Diners are not turning up for their bookings and for whatever reason guests think it is ok to 'no show'. It's becoming such a problem that it is having an enormous financial impact on restaurant businesses. Of course it is a lack of courtesy on the customers part to not 'phone and cancel a booking or inform a restaurant that they can't make it. But can restaurateurs help themsleves improve this situation?
Working with accommodation providers who faced similar problems here are some of the suggestions that I know worked, especially with the online bookers who were the worst offenders.
* Set out your booking and cancellation policy - an official policy can't be disputed.
* Include - how far in advance a cancellation is required, how long a table will be held for in the event of a no-show, whether you'll charge customers for not turning up if they haven't cancelled their booking.
* Consider taking a small deposit at the time of booking - perhaps the amount you would consider charging for a no show. Diners tend to be more likely to show if they have money at stake.
* Engage with customers as soon as a booking is made - send menu's, a wine list, double check dietary requirements. Send a text or email to confirm the booking, reminding your customers who may have forgotten where they've booked. Include a phone number and address as well as the time of the reservation.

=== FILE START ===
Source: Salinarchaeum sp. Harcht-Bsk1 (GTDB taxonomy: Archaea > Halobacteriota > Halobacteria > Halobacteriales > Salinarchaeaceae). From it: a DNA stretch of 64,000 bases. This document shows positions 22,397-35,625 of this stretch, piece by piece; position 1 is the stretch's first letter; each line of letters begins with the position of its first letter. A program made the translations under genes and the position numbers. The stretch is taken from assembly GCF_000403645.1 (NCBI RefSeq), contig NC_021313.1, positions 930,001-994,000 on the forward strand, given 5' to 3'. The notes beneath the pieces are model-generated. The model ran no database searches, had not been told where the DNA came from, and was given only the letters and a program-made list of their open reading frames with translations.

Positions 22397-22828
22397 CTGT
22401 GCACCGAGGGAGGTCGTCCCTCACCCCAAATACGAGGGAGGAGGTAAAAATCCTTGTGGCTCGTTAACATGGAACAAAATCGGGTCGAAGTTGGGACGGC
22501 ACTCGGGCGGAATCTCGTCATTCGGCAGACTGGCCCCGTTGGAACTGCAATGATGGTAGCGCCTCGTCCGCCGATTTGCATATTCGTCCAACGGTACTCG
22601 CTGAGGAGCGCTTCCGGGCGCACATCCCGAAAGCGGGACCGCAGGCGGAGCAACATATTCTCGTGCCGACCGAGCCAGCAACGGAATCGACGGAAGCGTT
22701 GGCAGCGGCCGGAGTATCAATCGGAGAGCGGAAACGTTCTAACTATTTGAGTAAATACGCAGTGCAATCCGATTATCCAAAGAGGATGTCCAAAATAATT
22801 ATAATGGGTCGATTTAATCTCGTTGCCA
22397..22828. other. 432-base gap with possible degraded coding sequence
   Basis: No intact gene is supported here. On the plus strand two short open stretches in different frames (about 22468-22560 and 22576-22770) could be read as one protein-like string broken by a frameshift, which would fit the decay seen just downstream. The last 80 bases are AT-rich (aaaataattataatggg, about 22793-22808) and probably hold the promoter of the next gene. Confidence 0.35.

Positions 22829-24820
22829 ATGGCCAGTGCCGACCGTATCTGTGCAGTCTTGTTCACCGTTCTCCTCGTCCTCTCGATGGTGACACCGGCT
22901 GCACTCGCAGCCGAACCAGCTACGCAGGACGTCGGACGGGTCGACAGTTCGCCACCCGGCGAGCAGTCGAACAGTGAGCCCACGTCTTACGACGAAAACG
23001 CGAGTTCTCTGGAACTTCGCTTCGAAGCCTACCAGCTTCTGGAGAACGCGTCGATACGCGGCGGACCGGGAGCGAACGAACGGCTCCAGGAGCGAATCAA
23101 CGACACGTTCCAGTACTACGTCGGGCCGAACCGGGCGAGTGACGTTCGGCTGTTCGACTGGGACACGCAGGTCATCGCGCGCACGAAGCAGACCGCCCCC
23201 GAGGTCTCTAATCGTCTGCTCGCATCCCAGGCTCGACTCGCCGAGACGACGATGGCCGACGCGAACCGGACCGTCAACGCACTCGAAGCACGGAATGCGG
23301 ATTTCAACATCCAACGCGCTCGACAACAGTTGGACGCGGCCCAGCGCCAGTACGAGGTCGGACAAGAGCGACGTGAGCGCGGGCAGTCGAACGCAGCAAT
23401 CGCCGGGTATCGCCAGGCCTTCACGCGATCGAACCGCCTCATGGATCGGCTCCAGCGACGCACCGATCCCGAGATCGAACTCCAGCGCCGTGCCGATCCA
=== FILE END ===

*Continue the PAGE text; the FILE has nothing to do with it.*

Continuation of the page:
* The day before, engage again, make a phone call, text or email to remind customers of their booking, providing the customer with a good impression of your customer service.
* Make it easy to cancel the booking - this will at least give you more time to fill an empty table.
In Case You Missed It - social media is not just a way to communicate with your friends but necessary to target and market directly to those you want to reach. Top platforms are Facebook (the place to go to chat and be friendly, keep the tone light and informal), Twitter (interactive dialogue and communication, nurture, engage and build your following, retweet and answer questions when possible), Instagram (creative and collaborative with the chance to create stories and expand your reach using hashtags), Pinterest (female centric and image based, develop your own personality with eye catching, unique pinboards, great for recipe boards) and YouTube (create useful and instructive 'how to' videos as well as capturing attention), Google owns YouTube so is routinely ranked highly on Google search page. So what are you waiting for?
It's always good to get published in a cookbook! I have lots of local food knowledge and contacts in the food world if you need recommendations
I always try and keep up to date with what's going on in the food and drink world, especially what is happening in East Anglia. So today I'm off to Menta's Food and Drink Seminar at The Cookhouse. Suffolk Food Hall.
I was invited by Quality in Tourism to present a workshop on Taste and Food Trends for the VisitEngland annual conference in Broadway. Worcestershire.
We discussed the sensoriality (made that word up) of food and our five senses. I used different types of honey to carry out a taste test and to find out who was a taster and who was a non taster.
Talking about food trends created a lively discussion. Titled from the cramen burger to the cronut we looked at what was hot and what was not. Chicken Tikka Martini anyone?